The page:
Meta, parent company of Facebook and Instagram, is implementing new default settings that will stop strangers from messaging minors. Parents and guardians will be able to access enhanced parental supervision tools allowing them increased control over the safety and privacy settings of their teens’ Instagram accounts.
These changes are the tech firm’s latest effort to offer better protection to minors on its platforms.
In a Newsroom post, Meta elaborated that these stricter default messaging settings will apply to teens under 16 years old (or under 18 in some countries). This will mean that they won’t be able to receive messages or be added into group chats by users they’re not connected to on Instagram or on Facebook (or Facebook Messenger).
Meta began this present push to reinforce its safeguards for minors in 2023 after years of ongoing discussion about the impact social media platforms like Instagram and Facebook have on children and teenagers reached boiling point. Last year, a New Mexico state attorney leveled some heavy accusations at Meta’s algorithms and Mark Zuckerberg in court, as reported by The Verge, calling Facebook and Meta a “marketplace for predators in search of children.”
This development follows an earlier policy which banned users aged over 19 from contacting minors through direct messages if the minors don’t follow them, and Meta has now extended this to apply to all users who try to message minors. Teens whose accounts are supervised and linked to the accounts of a parent or guardian will have to ask for permission to change this new default setting.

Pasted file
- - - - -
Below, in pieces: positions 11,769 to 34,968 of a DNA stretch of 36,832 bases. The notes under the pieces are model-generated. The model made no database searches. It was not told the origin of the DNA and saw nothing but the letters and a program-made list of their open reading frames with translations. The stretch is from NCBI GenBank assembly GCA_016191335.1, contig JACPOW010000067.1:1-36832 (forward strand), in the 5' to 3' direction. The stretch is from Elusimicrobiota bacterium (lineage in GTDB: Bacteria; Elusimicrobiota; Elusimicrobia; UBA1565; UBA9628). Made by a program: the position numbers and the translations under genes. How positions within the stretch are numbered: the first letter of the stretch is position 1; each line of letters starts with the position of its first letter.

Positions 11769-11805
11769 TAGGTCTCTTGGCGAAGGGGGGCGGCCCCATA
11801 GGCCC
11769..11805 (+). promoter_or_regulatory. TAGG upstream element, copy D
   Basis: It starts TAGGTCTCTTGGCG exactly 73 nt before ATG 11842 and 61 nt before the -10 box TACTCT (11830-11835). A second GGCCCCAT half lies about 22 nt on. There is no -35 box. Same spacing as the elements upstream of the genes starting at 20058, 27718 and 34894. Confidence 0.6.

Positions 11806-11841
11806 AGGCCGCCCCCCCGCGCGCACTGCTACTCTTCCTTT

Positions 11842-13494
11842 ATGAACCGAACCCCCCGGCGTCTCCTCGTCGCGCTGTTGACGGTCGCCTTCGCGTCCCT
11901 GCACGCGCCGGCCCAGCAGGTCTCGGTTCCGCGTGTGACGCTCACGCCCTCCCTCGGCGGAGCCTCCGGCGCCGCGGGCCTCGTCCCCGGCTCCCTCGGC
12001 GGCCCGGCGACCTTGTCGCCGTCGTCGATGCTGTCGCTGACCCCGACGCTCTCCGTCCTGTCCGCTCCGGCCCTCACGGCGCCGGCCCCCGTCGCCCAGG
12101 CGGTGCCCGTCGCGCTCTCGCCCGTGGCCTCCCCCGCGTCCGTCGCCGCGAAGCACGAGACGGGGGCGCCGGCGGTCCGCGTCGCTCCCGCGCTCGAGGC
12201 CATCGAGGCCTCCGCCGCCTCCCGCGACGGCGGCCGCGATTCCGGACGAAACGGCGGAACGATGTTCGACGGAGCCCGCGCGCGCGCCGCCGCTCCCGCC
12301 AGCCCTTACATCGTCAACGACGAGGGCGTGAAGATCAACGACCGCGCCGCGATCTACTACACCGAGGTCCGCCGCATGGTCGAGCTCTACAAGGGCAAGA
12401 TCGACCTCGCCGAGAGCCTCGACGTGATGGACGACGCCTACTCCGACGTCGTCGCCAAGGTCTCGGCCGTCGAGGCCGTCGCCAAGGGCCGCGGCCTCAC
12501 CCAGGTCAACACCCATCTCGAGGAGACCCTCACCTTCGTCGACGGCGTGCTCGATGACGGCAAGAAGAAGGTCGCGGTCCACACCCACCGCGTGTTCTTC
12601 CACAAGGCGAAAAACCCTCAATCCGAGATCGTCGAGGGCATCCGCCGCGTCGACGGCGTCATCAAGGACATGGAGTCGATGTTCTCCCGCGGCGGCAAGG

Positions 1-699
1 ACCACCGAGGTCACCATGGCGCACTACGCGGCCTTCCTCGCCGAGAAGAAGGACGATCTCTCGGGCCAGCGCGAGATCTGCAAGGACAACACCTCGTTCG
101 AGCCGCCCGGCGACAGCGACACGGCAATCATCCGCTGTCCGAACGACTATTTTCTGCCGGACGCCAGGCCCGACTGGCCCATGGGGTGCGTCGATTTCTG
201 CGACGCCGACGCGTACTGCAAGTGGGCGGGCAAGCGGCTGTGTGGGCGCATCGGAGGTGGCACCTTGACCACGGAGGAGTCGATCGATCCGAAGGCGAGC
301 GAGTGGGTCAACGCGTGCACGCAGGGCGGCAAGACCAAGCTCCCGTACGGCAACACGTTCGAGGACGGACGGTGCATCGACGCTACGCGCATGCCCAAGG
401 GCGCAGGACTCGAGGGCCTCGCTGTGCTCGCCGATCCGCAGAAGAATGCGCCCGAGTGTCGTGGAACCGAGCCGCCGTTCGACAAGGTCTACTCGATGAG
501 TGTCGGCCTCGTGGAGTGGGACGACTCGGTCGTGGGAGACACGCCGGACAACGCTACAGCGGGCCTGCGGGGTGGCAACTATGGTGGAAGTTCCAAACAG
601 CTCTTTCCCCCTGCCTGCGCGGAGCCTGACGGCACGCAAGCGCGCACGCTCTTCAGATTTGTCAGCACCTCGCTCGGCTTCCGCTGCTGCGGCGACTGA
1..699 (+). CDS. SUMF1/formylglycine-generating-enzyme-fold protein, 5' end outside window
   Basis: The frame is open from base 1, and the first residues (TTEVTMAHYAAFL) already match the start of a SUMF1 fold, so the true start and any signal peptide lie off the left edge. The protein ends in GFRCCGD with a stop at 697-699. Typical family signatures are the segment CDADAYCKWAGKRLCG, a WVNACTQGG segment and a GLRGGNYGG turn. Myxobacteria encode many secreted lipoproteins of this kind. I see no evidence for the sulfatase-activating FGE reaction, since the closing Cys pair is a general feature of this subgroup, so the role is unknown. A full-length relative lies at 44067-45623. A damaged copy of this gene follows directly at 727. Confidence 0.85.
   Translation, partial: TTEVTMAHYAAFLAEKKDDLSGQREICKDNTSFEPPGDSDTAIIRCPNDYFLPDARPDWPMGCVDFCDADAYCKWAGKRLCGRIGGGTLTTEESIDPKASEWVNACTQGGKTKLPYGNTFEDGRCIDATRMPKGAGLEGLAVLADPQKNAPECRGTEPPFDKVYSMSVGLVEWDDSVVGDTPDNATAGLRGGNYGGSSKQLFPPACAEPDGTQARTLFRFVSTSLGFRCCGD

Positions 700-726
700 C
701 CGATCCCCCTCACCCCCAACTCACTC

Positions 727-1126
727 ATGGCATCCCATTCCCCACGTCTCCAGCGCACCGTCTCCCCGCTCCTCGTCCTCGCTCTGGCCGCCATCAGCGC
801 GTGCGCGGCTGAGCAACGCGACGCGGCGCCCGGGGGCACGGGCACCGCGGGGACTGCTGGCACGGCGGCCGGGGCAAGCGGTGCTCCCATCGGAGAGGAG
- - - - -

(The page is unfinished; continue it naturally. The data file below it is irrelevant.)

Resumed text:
According to Meta, Instagram users will be formally informed of the changes with a message at the top of their feeds.
New parental controls incoming
This new change isn’t all that parents and guardians should be aware of: parental supervision tools are also being revamped. So, if a child tries to change their safety and privacy settings, a prompt will appear for parents asking if they want to approve the child’s request.
Previously, parents would only be notified of any changes made by children to their Instagram accounts. This strikes me as a pretty important change and I’m a little surprised this wasn’t the case already. While there is a balance to be struck between control and freedom for children and parents, especially in the age of rapidly-changing tech, I think parents appreciate changes that make it easier to protect their children in a proactive way, while also respecting their children's privacy.
According to The Verge, Meta is also currently working on a new feature that will hopefully help protect users from inappropriate, unwanted, or harmful images sent by other users they’ve already connected with. It will also attempt to discourage the users who are sending such content from doing it in the first place. Meta hasn’t stated a date for when users can expect this change to come about, but that more information will come - hopefully soon.
This is a good move from Meta, in my opinion, even if it's pretty overdue. This is dependent, of course, on parents being aware and involved in their children’s digital lives at all and that remains one of the biggest issues facing child safety on the internet. Moves from social media companies like this are certainly welcome, but they should not be a replacement for active and considerate parenting either.
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Kristina is a UK-based Computing Writer, and is interested in all things computing, software, tech, mathematics and science. Previously, she has written articles about popular culture, economics, and miscellaneous other topics.
She has a personal interest in the history of mathematics, science, and technology; in particular, she closely follows AI and philosophically-motivated discussions.